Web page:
Thanks for writing. I was a student of yours in the 90s and I stumbled across this post while searching for something else.

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  5. I stopped watching men’s basketball years ago: too much body contact. If basketball were more chaste it would become more graceful, still fast, and supercharged like the best poetry, ever testing the limits of form and meter. Like women’s basketball at UConn. Atkinson, you are a superior point guard. Get back in there.

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  6. What a great metaphor–crossing the center line–and what a lot of reality it fits! Sadly there are so many lines one still is punished for crossing, but joyfully there are so many more now that simply are not marked, so one runs over them with hardly a side glance or even with unsuspecting glee. Thanks for the story. It makes me smile.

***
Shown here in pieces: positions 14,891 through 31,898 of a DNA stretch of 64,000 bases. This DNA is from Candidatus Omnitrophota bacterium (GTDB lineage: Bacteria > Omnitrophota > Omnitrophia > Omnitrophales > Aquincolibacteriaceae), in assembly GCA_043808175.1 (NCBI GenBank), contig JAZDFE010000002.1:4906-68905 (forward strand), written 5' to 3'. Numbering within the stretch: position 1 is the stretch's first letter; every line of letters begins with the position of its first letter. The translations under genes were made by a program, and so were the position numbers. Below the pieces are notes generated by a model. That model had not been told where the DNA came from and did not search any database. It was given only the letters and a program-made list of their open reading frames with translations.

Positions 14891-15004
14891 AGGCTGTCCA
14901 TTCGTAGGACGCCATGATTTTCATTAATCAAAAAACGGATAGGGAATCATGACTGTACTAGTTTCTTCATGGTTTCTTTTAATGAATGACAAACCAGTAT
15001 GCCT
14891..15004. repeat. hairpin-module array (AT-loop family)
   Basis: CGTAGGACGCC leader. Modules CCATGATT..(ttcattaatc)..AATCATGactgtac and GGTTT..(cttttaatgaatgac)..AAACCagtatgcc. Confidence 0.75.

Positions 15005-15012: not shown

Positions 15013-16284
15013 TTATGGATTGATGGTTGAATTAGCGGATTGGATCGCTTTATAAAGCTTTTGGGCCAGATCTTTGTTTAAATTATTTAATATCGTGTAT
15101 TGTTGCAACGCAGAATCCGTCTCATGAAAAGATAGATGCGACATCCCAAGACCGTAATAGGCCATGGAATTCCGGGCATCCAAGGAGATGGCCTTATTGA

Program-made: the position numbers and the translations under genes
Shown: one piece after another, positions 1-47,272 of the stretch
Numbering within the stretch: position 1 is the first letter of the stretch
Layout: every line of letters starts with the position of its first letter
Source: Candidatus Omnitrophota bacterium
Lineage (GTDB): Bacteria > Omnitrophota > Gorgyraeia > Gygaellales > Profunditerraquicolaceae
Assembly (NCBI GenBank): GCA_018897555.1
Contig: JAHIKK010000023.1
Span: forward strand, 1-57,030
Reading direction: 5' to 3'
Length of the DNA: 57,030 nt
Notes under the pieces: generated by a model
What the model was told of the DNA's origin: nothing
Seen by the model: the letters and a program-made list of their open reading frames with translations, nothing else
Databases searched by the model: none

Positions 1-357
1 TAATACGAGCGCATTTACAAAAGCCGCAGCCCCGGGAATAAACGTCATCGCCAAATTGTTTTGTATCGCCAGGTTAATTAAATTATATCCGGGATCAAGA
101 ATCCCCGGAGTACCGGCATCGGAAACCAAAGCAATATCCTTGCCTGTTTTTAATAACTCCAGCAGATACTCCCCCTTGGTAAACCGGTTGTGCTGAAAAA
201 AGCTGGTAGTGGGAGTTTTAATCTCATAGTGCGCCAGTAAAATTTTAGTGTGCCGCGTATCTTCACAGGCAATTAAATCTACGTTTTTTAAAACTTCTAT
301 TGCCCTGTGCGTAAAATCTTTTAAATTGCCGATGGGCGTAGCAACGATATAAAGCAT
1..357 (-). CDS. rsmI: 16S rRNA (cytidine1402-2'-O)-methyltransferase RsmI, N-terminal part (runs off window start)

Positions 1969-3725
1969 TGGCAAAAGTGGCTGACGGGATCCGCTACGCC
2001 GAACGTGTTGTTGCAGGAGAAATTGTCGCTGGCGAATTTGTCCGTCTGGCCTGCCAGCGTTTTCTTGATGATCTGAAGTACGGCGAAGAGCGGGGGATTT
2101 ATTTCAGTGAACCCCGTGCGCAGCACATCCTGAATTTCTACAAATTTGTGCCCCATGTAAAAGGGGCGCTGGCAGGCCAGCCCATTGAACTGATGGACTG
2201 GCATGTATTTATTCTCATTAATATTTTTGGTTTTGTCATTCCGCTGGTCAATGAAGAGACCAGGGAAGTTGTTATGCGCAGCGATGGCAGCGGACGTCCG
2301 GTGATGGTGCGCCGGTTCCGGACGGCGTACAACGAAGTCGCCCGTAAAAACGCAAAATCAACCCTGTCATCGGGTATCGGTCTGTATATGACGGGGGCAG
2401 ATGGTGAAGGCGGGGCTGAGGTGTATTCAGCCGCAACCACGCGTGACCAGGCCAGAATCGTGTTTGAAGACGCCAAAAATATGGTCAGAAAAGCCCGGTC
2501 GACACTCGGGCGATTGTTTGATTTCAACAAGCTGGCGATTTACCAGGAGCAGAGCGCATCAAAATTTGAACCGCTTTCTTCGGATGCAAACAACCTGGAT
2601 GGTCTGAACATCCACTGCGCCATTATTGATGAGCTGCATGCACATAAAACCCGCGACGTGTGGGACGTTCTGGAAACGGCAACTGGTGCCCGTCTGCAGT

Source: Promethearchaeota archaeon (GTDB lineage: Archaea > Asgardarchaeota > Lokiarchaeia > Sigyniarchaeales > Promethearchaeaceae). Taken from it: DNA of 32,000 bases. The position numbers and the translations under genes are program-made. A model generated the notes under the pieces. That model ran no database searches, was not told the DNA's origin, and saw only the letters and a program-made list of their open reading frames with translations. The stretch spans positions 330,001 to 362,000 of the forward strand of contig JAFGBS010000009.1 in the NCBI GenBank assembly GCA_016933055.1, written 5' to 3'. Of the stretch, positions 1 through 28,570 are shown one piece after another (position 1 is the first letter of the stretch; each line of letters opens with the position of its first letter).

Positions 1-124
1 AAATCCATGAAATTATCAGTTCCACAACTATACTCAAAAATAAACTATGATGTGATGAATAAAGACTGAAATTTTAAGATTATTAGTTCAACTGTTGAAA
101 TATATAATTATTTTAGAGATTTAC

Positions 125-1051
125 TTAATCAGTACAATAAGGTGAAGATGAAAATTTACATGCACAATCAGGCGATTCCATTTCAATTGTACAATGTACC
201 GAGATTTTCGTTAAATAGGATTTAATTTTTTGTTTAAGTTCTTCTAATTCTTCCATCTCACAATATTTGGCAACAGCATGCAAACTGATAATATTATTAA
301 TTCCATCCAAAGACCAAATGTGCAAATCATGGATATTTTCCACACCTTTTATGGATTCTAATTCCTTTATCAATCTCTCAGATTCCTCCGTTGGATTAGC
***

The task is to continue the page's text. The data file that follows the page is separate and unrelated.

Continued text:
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  7. What a wonderful essay. It takes me right back to those days of overt “girls’ rules,” when the center line was EVERYWHERE. And now we’re all rooting for the UConn Women’s Basketball Team. It’s great to have such a vivid image to remind us that though too little has changed, and far too slowly–still, things HAVE changed, and for the better. Atkinson just has a way of getting to the heart of the matter, with wit and style.